Monday, April 13, 2009


Here is a video taken by Joe of some zero gravity parabolas.

Wednesday, April 1, 2009

The Second Flight Day :(

Today we were scheduled for Brad, Isa and Dr. Crosby (aka Monkey) to fly. They were given their meds and barf bags. They got on the plane. The plane took off...YAY! About 45 min later the plane landed. There was way too much turbulence for them to do any parabolas. They thought they were going to be able to fly later in the afternoon but at the 11:30 flight briefing they were told the flight has been grounded until tomorrow. They were so close too!

Team Picture on the First Flight Day

Kevin 'Monkey' Crosby even looks happy!

Getting ready to board the aircraft

The Green means we are good to go...the the green #1 means that the team did something stupid and if they get another one of those #1s that means they don't fly...Carthage, Boise, and Washington know whats up.

Tuesday, March 31, 2009

The First Flight Day!

Today, Joe, Sam, Myself (Erin) and, our NASA mentor, Dr. Agui few on the microgravity plane (aka G-Force 1). We had our pre-flight briefing at 7:45am then our motion sickness briefing. We were given a combination of medication that is both an upper and a downer. So at some point in the day we will be wide awake..then get real sleepy. We then boarded the aircraft, with two vomit bags in pocket. As the plane was still climbing to elevation we were told to get out of our seats and begin prepping our experiments.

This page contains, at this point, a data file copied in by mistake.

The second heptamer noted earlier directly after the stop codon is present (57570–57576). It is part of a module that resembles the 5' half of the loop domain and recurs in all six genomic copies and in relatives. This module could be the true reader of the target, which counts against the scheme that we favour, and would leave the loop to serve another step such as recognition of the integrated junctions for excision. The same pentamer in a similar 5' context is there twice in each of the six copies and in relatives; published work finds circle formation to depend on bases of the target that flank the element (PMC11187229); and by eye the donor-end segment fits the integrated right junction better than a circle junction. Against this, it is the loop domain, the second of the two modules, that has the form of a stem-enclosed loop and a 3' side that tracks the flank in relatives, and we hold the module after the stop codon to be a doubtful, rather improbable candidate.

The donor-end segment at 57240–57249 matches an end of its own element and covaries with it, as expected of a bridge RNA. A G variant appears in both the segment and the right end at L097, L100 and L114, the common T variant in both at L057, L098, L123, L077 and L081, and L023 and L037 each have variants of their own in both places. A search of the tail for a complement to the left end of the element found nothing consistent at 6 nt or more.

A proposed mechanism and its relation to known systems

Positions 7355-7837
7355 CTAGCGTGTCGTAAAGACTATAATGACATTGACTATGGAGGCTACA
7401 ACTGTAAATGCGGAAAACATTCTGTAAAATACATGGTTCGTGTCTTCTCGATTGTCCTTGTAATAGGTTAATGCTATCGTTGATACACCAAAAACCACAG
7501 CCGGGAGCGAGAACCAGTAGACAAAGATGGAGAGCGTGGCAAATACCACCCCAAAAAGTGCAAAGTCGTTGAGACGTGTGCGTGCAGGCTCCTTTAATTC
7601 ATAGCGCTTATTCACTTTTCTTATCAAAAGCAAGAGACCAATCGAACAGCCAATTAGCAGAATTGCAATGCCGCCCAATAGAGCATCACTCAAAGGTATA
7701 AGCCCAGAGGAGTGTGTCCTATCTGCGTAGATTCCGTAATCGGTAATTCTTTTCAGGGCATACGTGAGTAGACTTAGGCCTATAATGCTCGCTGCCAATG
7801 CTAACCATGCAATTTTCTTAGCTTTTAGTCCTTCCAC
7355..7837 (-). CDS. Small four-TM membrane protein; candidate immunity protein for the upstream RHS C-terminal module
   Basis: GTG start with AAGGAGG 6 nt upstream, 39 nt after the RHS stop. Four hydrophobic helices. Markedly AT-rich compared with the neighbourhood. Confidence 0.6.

Once everyone was ready the plane began to climb at a very sharp angle. At this time, the force of the acceleration is normal to the floor and about 2g forces. So if you weigh 110 lbs at this time if you were on a scale you would weigh 220 lbs. As the nose of the plane begins to tip over we then experience reduced gravity. I had done this program last year and felt like I new what to expect. As we started the first lunar I started floating up...and away from our rig. I just waved goodbye to Joe and Sam because I felt like I couldn't get back to them...then Sam pulled me back. We then began to collect data and take notes. At one point in the flight we were repeating the same thing that we did on the previous parabola so we decided we would have some fun...we started jumping up and down and all the cameras came over to us. At the end of that parabola, one of the heads of the Microgravity program came up to us and told us to try and hold off on having so much fun...because we may distract the other teams from their work. This was the second year in a row that I was told to stop looking like I was having so much fun. At the end of the flight we were given 3 zero gravity parabolas. These are always the craziest because its really hard to get used to the fact that the slightest touch on a wall will make you fly across the airplane in the other direction. For the first one we all went flying up. to the top of the plane. As I tried to adjust myself I ended up moving closer to our flight rig, which contains our experiment. Just as I realized I was in the worst position possible for when we started the 2g portion again, the flight crew yelled feet down! ...shoot. So I tried to get away from the rig again...still couldn't. I then started to feel gravity again, which meant, in a few seconds I was going down. I pretty much ended up flailing around trying to get away from the rig but it just wasn't happening. Finally, one of the flight crew just yelled "SOMEBODY GRAB HER!!!" ..I'm just floating there...thinking, 'yes, please somebody grab me!' Our NASA mentor then pulled me over by him...I ended up kicking on of our cameras (not very hard at all) and then finally got to a safe area. It was intense. The next one Sam and I went flying around running into each other. The third and final parabola Sam and I took off to the closest window, Joe was already there. As we got close to the window there was a photographer in the way...and there was no stopping we kind of took him out in the process. It was sort of a slow motion collision..we couldn't stop, he couldn't move, and we apologized for running into him before it even happened. So basically, we had a GREAT time on our flight. We had SOOO much fun!